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I'm trying out some heavy CSS3 stuff here and am running into some issues that I hope can be cleared up:

1 - I have a box that slides in when you load the page. Let's say:

#box {
    animation-duration: 3.5s;  
    animation-name: slidein;
}

@keyframes slidein {  from { top: 0; }  to { top: 100%; }}

However, in my media query, because of some resizing, I need to modify this to be:

@media only screen and (min-width: 768px) {
    @keyframes slidein {  from { top: 0; }  to { top: 80%; }}
}

I thought I could keep the animation name the same, and just redefine the keyframes inside one of the @media queries, however this does not seem to work. Why? (Yes, I have the proper prefixes set)

2 - My solution for above, is to define different animations for each size:

#box {
    animation-duration: 3.5s;  
    animation-name: slidein;
}

@keyframes slidein {  from { top: 0; }  to { top: 100%; }}
@keyframes slidein-low {  from { top: 0; }  to { top: 80%; }}

@media only screen and (min-width: 768px) {
    #box { 
        animation-name: slidein-low;
   }
}

However, NOW upon resizing the site, the animation will start over once it hits one of the media queries. I only want the animation to play once (whatever size it may be, and even with resizing afterwards), and that's it. So unless there's a solution to #1, I believe this is because when a query is detected, it kinda "re-initiates" the CSS for it?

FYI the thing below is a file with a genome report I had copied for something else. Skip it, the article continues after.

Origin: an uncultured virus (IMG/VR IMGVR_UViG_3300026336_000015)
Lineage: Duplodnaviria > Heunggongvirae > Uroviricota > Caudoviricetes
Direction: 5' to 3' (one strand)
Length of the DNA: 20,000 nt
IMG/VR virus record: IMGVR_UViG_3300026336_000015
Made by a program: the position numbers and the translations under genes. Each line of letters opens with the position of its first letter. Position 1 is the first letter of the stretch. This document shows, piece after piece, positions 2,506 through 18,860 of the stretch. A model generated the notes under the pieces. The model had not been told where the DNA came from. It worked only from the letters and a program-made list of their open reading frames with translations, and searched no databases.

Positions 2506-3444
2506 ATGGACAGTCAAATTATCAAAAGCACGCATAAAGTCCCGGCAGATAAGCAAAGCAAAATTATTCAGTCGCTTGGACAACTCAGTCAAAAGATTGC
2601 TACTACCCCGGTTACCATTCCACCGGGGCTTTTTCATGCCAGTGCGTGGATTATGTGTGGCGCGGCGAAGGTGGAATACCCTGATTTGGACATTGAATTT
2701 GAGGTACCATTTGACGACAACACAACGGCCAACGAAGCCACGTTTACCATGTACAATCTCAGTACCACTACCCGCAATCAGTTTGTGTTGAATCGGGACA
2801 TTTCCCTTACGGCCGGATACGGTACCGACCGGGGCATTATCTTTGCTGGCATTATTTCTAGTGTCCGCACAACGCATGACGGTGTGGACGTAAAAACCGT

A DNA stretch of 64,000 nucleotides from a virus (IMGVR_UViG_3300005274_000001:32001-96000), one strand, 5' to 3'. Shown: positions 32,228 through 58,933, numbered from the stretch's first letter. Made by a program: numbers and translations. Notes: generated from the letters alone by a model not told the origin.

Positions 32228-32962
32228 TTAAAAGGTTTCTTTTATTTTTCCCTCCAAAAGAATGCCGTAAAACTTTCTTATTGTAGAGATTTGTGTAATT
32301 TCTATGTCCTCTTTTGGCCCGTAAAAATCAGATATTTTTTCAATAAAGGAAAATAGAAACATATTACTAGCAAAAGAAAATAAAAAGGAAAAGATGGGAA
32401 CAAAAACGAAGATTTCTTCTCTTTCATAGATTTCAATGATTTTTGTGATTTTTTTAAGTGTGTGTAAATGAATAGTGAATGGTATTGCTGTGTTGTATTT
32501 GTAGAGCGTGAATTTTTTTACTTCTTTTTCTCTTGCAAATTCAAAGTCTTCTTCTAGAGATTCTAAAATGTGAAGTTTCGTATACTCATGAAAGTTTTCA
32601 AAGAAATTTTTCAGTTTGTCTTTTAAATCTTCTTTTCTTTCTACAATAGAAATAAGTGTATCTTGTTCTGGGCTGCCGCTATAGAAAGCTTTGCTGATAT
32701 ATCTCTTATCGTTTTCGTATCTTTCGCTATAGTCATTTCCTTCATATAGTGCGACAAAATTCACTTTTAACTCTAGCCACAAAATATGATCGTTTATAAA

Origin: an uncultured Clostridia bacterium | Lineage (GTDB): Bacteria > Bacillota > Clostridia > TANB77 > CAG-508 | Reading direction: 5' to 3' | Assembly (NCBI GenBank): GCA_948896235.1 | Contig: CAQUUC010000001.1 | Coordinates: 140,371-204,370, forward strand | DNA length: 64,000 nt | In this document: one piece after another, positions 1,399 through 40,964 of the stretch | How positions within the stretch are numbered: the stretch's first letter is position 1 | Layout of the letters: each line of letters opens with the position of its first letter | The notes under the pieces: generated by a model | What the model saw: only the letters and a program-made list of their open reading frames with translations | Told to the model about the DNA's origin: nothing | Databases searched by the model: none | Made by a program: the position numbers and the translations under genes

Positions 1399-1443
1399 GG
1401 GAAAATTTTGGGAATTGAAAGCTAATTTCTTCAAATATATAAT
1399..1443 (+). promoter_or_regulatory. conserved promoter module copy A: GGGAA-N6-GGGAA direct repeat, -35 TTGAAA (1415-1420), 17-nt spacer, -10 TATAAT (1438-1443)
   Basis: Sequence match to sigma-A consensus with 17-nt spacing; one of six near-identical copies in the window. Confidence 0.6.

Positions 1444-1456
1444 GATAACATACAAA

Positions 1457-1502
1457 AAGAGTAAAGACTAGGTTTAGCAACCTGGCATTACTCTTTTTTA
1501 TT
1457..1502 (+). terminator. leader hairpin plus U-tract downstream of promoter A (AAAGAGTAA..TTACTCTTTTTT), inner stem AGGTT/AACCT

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2 Answers 2

I'm assuming you're doing the min-width for smaller screens that could possibly have a max width of 1024? So maybe try putting that in as well:

@media only screen and (min-width: 768px) and (max-width:1024px) {
    #box { 
        animation-name: slidein-low;
   }
}

Maybe even try putting the animation construct in the query as well:

@media only screen and (min-width: 768px) and (max-width:1024px) {

    @keyframes slidein-low {  from { top: 0; }  to { top: 80%; }}

    #box { 
        animation-name: slidein-low;
   }
}

I'm sure you've come across this site but just in case you haven't here's a nice reference for media queries:

http://stuffandnonsense.co.uk/blog/about/hardboiled_css3_media_queries/

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From my experimenting, I've found that Safari 5 (for desktop and iOS) will most certainly render your page in the way you intend using either one of your solutions. Firefox 9, on the other hand, does not appear to respect @-moz-keyframe or -moz-animation rules if they are placed in @media blocks (and both ignore the W3C @keyframe and non-vendor specific animation properties)

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